Foreign Fighters’ Life After the Caliphate
In interviews with former Islamic State members in hiding, religious concerns have been replaced with more quotidian worries.
Indians and Central Asians Are the New Face of the Islamic State
Terrorists from India, Tajikistan, Uzbekistan, and Kyrgyzstan were never at the forefront of global jihad before—now they are.
Mozambique Can’t Contain Its Insurgency Alone
Without a coherent counterterrorism strategy or regional assistance, the odds are stacked against the Mozambican military.
Al Qaeda’s Leader Is Old, Bumbling—and a Terrorist Mastermind
Ayman al-Zawahiri isn’t trying to plan another 9/11 attack—because he doesn’t need to.
Spending the Pandemic in an Iraqi Jail
Hundreds of Islamic State-affiliated women are optimistic that Baghdad will soon have to let them go.
The Islamic State Isn’t Behind Syria’s Amphetamine Trade
After a record seizure, Italian police blamed the terror group. It’s more likely the Syrian regime has a hand in production and trafficking.
Jalalabad Jailbreak Highlights Resurgence of ‘Eliminated’ ISIS
Despite a huge government effort, and some big blows, the Islamic State has shown surprising staying power in eastern Afghanistan.
Iraq’s Indigenous Peoples Can’t Face Another Conflict
Despite the Islamic State’s retreat, Assyrians fear for their security in the Nineveh Plains. They need stronger support from Washington and Baghdad.
Terrorism After the Pandemic
Months of isolation and governments grappling with other crises could lead to a rise in attacks.
Mozambique’s Insurgency Is a Regional Problem
Rising extremist violence in the country’s oil-rich north threatens stability in southern Africa—and requires a coordinated response.
Foreign ISIS Children Deserve a Home
Western governments have shirked their responsibilities for far too long.
In Afghanistan, the Islamic State Threatens Long-Term Peace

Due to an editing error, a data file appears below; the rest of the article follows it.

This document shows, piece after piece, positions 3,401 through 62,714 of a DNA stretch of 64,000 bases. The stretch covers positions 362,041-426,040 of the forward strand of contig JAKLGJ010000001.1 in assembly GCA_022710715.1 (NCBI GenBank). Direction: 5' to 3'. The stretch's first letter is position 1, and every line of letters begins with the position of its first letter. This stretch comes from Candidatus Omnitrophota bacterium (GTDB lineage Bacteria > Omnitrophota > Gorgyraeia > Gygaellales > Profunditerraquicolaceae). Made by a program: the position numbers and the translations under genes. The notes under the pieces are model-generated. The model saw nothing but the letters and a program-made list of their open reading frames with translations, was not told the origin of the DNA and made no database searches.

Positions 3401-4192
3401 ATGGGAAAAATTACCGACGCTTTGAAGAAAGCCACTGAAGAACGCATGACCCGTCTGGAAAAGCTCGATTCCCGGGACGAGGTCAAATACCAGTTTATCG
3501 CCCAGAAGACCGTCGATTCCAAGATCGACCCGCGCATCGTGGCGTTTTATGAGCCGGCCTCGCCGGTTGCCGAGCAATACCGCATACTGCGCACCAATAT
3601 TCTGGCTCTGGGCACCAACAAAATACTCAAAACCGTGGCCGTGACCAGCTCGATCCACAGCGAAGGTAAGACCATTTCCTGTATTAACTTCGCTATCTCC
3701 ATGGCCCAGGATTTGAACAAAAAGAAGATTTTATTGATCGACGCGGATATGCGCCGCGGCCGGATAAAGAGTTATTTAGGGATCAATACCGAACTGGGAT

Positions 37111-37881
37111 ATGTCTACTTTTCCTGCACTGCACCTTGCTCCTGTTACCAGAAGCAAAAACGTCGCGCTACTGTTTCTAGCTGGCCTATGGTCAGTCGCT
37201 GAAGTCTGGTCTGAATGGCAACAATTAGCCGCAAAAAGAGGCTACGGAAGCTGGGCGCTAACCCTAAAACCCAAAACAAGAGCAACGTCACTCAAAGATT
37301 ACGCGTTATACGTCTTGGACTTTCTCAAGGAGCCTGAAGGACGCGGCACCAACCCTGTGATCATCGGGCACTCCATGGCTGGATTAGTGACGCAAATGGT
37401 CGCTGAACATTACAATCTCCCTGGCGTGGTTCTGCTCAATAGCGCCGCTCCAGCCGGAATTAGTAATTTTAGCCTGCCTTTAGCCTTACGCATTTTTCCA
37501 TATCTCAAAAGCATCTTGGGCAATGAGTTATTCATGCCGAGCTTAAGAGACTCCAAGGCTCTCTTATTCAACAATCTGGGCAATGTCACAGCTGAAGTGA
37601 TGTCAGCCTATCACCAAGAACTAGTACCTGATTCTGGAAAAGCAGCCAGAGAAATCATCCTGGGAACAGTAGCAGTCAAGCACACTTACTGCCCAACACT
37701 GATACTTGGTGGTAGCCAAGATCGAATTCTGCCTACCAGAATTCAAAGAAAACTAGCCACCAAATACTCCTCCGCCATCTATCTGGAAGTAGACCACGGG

After a bloody Ramadan, the Afghan government and the Taliban called for a three-day truce that mostly continues. But Islamic State terrorists are already conducting more massacres.
How Tensions Between the U.S. and Iran Ended Up Strengthening ISIS
American troops helped keep a lid on the Islamic State in Iraq. The Suleimani killing changed all that.
Horrific Attack on Maternity Ward Threatens to Upend Afghan Truce
Kabul blames the Taliban for the killing of mothers and newborn babies but questions about the culprits remain.
Inspector General Criticizes U.S. Counterterrorism Coordinator
Report finds problems with morale and management that hampered U.S. counterterrorism initiatives in foreign countries.
A Powerful Iran-Backed Militia Is Losing Influence in Iraq
The Iraqi government is finally starting to make progress in its attempt to curb the influence of Kataib Hezbollah.
Pentagon Asks for More Cash to Cut Down Civilian Deaths
Under fire from human rights groups, the Pentagon is asking lawmakers for funding to improve its ability to track civilian casualties in the ongoing fight against the Islamic State and other terrorist groups, Foreign Policy has learned.
After the Coronavirus, Terrorism Won’t Be the Same
As big-government initiatives expand and leaders deflect blame, anti-establishment groups, angry Luddites, and China-haters could turn to violence.
Islamic State Aims for Comeback Amid Virus-Expedited U.S. Withdrawal
Iraqis fear their country will become a new battleground between ISIS and Iran-backed militias.